Major John Neville Smale

5th September 2008

John had been in contact with the web site for sometime and asked when his time came if he could have an LF funeral which we managed to do.

Joe was unable to be there because he was attending Dave Yarnall's funeral but Mike Murray represented him and the Web Site as he, Chris Berry and Willie St Maur Shiel were all attending.

John's Coffin was draped in the XXth Flag with garlands of Lancashire roses and the Lancashire Fusiliers Regimental March was played as John was borne into the Church.

The order of the church service

Major John Neville Smale's Story

I was born in 1916. My father was farming at the time near Maidenhead. I was an only child and I went to school at Haileybury College and I joined the Officer Cadet Corps there.

After school I went to Sandhurst. I was very friendly with a boy who had lived in Lancashire and on all the lectures we had we had to say our preferred regiment, the instructor would call and when it came to Smale, I always said “undecided”, I was waiting to find a good regiment and this friend of mine said “why don’t you go into the Lancashire Fusiliers with me”? And that’s what I did.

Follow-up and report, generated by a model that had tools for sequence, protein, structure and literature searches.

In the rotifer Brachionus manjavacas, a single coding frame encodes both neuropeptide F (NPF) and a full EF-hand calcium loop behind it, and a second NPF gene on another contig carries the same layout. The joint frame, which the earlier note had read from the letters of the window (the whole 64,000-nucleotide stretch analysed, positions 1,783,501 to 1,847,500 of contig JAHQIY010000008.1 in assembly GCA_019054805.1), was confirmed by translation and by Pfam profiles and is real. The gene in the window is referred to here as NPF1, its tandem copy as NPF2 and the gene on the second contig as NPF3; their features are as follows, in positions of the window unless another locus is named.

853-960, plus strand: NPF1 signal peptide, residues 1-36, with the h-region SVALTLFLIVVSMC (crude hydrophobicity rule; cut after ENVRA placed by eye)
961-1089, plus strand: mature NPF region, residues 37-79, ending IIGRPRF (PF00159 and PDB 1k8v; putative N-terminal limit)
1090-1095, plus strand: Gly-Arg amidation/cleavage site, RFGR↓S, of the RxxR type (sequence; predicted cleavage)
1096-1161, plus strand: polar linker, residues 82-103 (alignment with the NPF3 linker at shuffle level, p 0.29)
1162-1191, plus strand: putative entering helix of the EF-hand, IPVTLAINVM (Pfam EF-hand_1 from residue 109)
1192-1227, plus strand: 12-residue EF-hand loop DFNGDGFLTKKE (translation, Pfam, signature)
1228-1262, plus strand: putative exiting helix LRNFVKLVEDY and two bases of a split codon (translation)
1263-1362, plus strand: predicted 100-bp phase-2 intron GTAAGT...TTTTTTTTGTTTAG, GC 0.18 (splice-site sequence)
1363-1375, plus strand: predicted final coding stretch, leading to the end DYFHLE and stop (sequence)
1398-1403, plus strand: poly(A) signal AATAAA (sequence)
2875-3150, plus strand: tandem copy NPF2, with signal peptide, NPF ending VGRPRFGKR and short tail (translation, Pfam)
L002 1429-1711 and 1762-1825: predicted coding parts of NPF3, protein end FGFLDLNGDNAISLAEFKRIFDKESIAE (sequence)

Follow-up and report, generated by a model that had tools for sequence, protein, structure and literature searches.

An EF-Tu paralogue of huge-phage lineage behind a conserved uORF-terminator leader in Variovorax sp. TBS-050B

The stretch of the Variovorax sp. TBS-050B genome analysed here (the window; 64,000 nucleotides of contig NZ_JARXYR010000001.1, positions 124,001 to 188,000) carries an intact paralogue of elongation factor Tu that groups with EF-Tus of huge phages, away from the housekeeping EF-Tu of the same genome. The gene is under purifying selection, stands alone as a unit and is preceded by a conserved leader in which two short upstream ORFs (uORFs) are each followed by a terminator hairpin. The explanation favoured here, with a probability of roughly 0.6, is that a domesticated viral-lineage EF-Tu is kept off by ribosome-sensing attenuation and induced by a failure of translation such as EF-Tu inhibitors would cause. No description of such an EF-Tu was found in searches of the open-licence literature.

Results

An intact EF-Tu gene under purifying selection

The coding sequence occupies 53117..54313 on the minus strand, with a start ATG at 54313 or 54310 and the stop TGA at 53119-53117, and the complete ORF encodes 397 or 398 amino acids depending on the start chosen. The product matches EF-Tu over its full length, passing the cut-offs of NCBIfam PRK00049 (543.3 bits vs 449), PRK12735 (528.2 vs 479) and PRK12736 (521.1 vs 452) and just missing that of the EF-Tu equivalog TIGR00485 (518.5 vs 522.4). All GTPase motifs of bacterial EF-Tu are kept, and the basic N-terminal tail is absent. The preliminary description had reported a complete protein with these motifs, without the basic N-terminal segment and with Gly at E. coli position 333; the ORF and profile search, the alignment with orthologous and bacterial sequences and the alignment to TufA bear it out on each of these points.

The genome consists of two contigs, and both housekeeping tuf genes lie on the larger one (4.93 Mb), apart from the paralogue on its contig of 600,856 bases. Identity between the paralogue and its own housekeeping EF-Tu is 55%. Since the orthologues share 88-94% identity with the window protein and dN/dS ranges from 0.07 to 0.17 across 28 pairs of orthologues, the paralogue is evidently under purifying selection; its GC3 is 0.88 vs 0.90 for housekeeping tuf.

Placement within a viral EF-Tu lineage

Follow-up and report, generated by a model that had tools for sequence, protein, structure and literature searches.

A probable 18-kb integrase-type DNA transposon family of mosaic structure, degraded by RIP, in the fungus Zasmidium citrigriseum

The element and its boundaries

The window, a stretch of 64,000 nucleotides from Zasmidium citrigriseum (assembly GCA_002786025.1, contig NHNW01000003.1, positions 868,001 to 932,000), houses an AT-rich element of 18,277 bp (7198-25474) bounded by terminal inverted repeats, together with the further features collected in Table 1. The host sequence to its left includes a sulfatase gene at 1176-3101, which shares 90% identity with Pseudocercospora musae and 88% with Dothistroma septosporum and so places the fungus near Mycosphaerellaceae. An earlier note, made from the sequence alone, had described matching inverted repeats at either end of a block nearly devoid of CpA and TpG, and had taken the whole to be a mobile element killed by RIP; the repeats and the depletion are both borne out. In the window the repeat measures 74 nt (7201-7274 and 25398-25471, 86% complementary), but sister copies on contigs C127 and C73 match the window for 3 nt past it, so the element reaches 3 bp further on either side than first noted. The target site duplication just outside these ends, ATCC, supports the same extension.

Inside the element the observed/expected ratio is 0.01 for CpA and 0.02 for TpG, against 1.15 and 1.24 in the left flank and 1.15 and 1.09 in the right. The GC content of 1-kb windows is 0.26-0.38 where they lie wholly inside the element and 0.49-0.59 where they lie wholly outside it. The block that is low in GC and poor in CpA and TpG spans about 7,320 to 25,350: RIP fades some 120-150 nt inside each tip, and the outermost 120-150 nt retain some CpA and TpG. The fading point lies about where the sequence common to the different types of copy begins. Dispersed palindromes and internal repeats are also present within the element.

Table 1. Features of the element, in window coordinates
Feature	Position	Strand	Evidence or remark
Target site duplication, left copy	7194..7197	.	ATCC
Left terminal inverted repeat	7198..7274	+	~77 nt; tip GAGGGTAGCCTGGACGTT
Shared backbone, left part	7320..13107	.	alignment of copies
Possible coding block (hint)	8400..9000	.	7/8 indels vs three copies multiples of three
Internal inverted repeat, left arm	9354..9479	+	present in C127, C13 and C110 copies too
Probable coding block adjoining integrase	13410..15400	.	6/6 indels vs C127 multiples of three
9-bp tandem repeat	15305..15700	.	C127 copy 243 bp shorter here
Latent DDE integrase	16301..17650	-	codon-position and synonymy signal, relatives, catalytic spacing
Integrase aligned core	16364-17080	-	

I joined in 1936 and I was put on what they called a ‘NCOs cardre’ to teach NCOs and young officers to be instructors and then I was posted to Colchester with the Lancashire Fusiliers. I was very lucky that a very nice group of young officers had started at the same time there with me and we used to play rugger a lot at weekends.

B Coy 2 Bn Lancashire Fusiliers
Inter Company Bayonet Fencing Competition

Back Row L to R. - L/c. McMordie, E. L/c. Heighway, J. L/c. Hilton, H. Cpl. McMahon, T. Fus. Hamer, R. Fus. Farrell, J. Fus. Mayberry, K.
Seated - Cpl. Williams, J. Sgt. Bullen, F. Lieut. M. L. West. Major E. G. Pullan, M.C. 2/Lieut. J. M. Smale. Sgt. Higson, J. L/c Joughin, F.

I was at Colchester when the war broke out. First of all, we went to a sort of holding area in the south of France and we set up a camp in an orchard. We had three different platoons, one from each battalion of the brigade. There was the Lancashire Reserve Platoon, with its own officer which was me, and there was an East Surrey regiment Platoon and the Ox and Bucks Platoon and luckily we all got on very well together.